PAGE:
Altitude compensation: Reduce main jet size 0.05 for every 5000 feet of DENSITY altitude. Density altitude is dependent both on temperature and air pressure. Although calculating actual density altitude is a fairly complex operation, you can approximate it with actual altitude with this forumla:
Density Altitude = 75 feet * (Outside Air Temperature F - (59F-Altitude/300)) + Actual Altitude
This is a crude measure and you may wish to stick with Actual Altitude to avoid overleaning in warm weather.
To change behavior over the mid to high range of RPMs (more than 1/6 throttle), change main and air correction as follows:
For a given air correction jet, a larger main will flow more fuel across the RPM range.
For a given main jet, a larger air correction jet will reduce fuel flow in the higher RPM range.
In general, for racing, the air correction jet will be smaller than the thumb rule above, and the main jet larger. This allows for more fuel flow over the whole range, and further enrichment at high RPM. For economy, the thumb rules are close but may require small adjustment. The question is, why are you looking for economy instead of power at Wide Open Throttle?
Optimizing for power:
So, out we go to our test road. Warm up the engine completely (I drive for 6 miles to get to my test road) and make sure the air pressure in the tires is right, and fill the tank.
First, run another benchmark series to get a baseline for current weather conditions. You should have enough practice by now to evaluate your runs for consistency.
The main jets are the easiest to work with, so we'll try them first. They are in the tip of the jet assembly, and have a pointed "nose". Increase the size one step at a time, and run a benchmark series. If you were running too lean, you will notice a decrease in time spent above 3000 RPM. If you go too rich, the sound of the engine will change dramatically, and times increase. Go back to the next leaner size, and do another run to confirm the problem and clear the plugs.
The air correction jets are in the TOP of the jet assembly, and require that you separate the threaded portion from the emulsion tube. Be gentle... grasp the components to separate in PADDED pliers and wiggle them apart. Twisting doesn't help much as these are press-fit and not threaded joins. You >will REDUCE the air correction jet (it has a flat nose) one step at a time. This makes the mixture richer in the upper (4500+) RPM ranges. If you go too far it will increase the times, and make the engine sound odd in the upper part of its range... I got terrible gargling and hesitation reducing from 190 to 180 (I didn't have a 185). Switch back to the previous size and re-test to confirm.
Optimizing for Economy:
Now we get into aspects of carburetor performance which are transient or harder to quantify. We move away from the known setting of Wide Open Throttle to gas mileage and "throttle response".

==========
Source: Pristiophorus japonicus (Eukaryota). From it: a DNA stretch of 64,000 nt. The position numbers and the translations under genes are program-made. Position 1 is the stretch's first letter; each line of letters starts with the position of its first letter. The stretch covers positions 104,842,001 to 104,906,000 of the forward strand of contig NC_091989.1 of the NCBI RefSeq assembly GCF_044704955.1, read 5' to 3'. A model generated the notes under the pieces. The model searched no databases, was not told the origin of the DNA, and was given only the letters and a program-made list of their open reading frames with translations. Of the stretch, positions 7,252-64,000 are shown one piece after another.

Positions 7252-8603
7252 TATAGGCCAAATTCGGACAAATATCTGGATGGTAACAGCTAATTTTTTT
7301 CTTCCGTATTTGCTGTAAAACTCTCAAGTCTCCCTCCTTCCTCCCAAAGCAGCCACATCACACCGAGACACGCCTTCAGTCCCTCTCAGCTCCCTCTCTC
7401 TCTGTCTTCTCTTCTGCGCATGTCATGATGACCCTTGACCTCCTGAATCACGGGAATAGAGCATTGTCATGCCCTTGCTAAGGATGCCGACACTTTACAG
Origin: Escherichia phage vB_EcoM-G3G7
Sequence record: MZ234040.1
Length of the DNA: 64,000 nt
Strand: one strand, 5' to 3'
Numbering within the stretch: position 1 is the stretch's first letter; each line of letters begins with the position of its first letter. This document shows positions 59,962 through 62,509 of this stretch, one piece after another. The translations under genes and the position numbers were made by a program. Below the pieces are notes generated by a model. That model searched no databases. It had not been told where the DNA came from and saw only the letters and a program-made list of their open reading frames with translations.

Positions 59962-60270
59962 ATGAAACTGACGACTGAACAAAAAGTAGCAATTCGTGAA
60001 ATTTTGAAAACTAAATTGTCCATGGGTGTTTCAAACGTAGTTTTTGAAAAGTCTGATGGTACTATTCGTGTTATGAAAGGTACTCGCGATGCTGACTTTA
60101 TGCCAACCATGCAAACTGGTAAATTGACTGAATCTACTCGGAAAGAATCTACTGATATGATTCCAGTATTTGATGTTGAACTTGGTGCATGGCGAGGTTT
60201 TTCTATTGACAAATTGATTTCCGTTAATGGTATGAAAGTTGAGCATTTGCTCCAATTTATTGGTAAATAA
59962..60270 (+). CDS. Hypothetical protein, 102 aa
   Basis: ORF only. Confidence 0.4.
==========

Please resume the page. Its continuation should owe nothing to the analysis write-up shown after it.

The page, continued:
In highway cruising at legal speeds in most of our vehicles, the throttle is mostly closed. This is because the gear is high, the RPMs are relatively low, and the horsepower requirement is 10% or so of maximum. This causes the main jet to be shrouded and so most of the gas being used is coming through the idle jet and progression holes.
Overall flow to idle port and progression is controlled by the idle jet/emulsion assembly. Flow out the idle port itself is further restricted by the idle adjustment screw. Fuel is pulled from this port by airflow through the main throat. It will be a somewhat trivial portion of the fuel flow above idle.
Fuel flow through the progression holes is significant above closed throttle but becomes less so after the edge of the throttle plate clears the progression holes. This is because fuel is drawn from the progression holes by high-speed air flow past throttle plate. As the throttle plate moves away from the progression holes, less fuel is drawn from them. At this point the main venturi is becoming unshrouded and more fuel is flowing through the main jet.
During highway cruise the throttle plate is near the progression holes. Changing flow through the idle fuel jet and idle air holes will thus most significantly change cruise mileage.
Modification would involve:
1) Increasing the size of the idle fuel jet may allow more power at a given throttle opening, increasing the load at which the transition to the main jet occurs. If you have large main fuel jets for good power at higher RPMs, you will find more fuel economy at lower RPMs by staying off the mains, and on the progression holes.
2) If indeed you have enough fuel to stay off the mains, but still have low economy at cruise, you have either too large an idle fuel jet, or too small an idle air jet. Increase the size of the idle speed air jet hole.
How do you determine all this rot? You need to see what your mixture is at your normal cruise speeds. The only way outside a dyno is to do plug cuts after sustained operations at those speeds. This means you turn off the engine and take it out gear after a sustained test at speed. Coast to the side of the road and pull the plugs... comparing color. You are looking for a chocolate brown or dark grey for all results. White is too lean, and black is too rich. Light brown/grey is also somewhat lean.